Until the Time is Right

dark forest

Alejandro held Elmer’s hand as they walked amongst the black pines. They reached the yew tree Alejandro had nurtured since childhood. He leaned Elmer against the black twisted bark, drained a kiss from his beloved’s lips, and produced a golden ring from his finger.

But neither of them smiled.

“I’m so sorry, Elmer,” Alejandro said. From his other pocket, he drew an iron nail and began to recite the Lord’s Prayer.

“Don’t do this, please! It’s not a sin to love me,” Elmer said. But it was too late. Black tendrils slithered out from the tree, coiling around Elmer’s arms and neck. A weak breath carried, “I love you.”

Alejandro paused. He shivered at the words. Yet, they could not linger. It was not his place to love a man. It was not the way of his fathers, of honorable men who grow and love their families above his own desires. It was not the time for their love. He hoped Elmer would understand.

Alejandro continued the Prayer. His eyes fixed on the ground.

“So I am moored to this land then,” said Elmer, dissolving. “Pray the tree grows strong, beg Nature to hold me. You will know my terror if I am ever freed.”

And silence came to the woods.

Alejandro collected a large stone, set the golden ring on the bark, and drove the iron nail into the tree.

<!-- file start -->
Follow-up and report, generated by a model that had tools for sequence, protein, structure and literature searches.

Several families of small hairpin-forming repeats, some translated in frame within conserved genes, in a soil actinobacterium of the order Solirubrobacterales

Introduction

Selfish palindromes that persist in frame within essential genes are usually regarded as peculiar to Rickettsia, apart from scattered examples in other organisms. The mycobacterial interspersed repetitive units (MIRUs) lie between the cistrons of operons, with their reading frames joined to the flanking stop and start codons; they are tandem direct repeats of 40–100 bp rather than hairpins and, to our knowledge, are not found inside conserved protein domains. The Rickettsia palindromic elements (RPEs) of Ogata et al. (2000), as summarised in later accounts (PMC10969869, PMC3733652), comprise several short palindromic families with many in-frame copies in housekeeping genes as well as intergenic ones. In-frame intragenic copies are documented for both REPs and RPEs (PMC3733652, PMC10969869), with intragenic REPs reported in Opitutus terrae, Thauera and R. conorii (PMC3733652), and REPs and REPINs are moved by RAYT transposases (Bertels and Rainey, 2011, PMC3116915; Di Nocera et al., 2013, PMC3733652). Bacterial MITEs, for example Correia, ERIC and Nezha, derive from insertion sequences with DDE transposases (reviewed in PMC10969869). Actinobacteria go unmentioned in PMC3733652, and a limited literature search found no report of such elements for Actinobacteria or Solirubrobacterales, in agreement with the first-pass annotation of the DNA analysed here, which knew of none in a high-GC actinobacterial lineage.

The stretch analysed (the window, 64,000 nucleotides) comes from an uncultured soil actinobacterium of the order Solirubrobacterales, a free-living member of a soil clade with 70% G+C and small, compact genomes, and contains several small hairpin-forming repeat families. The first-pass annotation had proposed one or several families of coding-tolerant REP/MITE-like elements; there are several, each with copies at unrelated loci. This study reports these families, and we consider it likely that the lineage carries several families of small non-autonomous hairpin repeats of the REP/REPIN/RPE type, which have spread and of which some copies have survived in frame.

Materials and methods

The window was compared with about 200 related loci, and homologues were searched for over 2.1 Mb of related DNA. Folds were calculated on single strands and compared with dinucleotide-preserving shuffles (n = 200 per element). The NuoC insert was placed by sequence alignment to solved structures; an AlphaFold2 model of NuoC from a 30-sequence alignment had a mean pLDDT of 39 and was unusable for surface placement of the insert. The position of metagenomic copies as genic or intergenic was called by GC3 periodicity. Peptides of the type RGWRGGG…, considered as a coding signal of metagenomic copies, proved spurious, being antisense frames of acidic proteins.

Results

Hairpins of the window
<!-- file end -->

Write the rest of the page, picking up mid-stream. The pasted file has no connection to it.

“The iron is cold and true,” he said. “I will be back for you one day.”

After that night, Alejandro did the rosary every day. He recited the Lord’s Prayer every moment he could, hoping the spirit of the man he loved would never come to haunt him.

Alejandro stared at the shadow clinging to the black trunks of the forest. He knew the legends were true, a wraith was taking travelers, but he prayed it was not Elmer. Though weak from age and illness, he had collected his coffee-brown rosary beads, a vial of holy water from La Iglesia de la Virgen Guadalupe, and a mallet. As mayor, he had left the sleepy comfort of Buenaire. This life had given him enough. It was time to free Elmer, to start a new one.

Alejandro caught his breath, energized his feet, and entered the forest. No breeze rustled the withered bushes. No sun leaked from the dense canopy. Twigs cracked. Bones crumbled. Yet, Alejandro focused on his breath and his steps. The fear would not conquer him.

It wasn’t long before he reached the yew tree. He saw the black nail. Its head broad and tail thick, staked in the center a ring of solid gold.

“Te quero, Elmer,” said Alejandro, producing his rosary beads. “Al fin, nos juntamos, mi amor.”

As the bony-effigy of Jesucristo swung side-to-side, he sprinkled the agua bendita around the tree and recited the Lord’s Prayer. He spoke the Prayer three times, saying it louder each time, until the water was all gone, and he could feel the energy of the forest shift into one of peace and love. And he knew he had succeeded.

Gray fingertips appeared, one pushed out the nail and the ring settled on the earth. Fingers wrapped around the twisted bundles of bark that made the trunk, and a hand reached out for Alejandro. It was their time at last.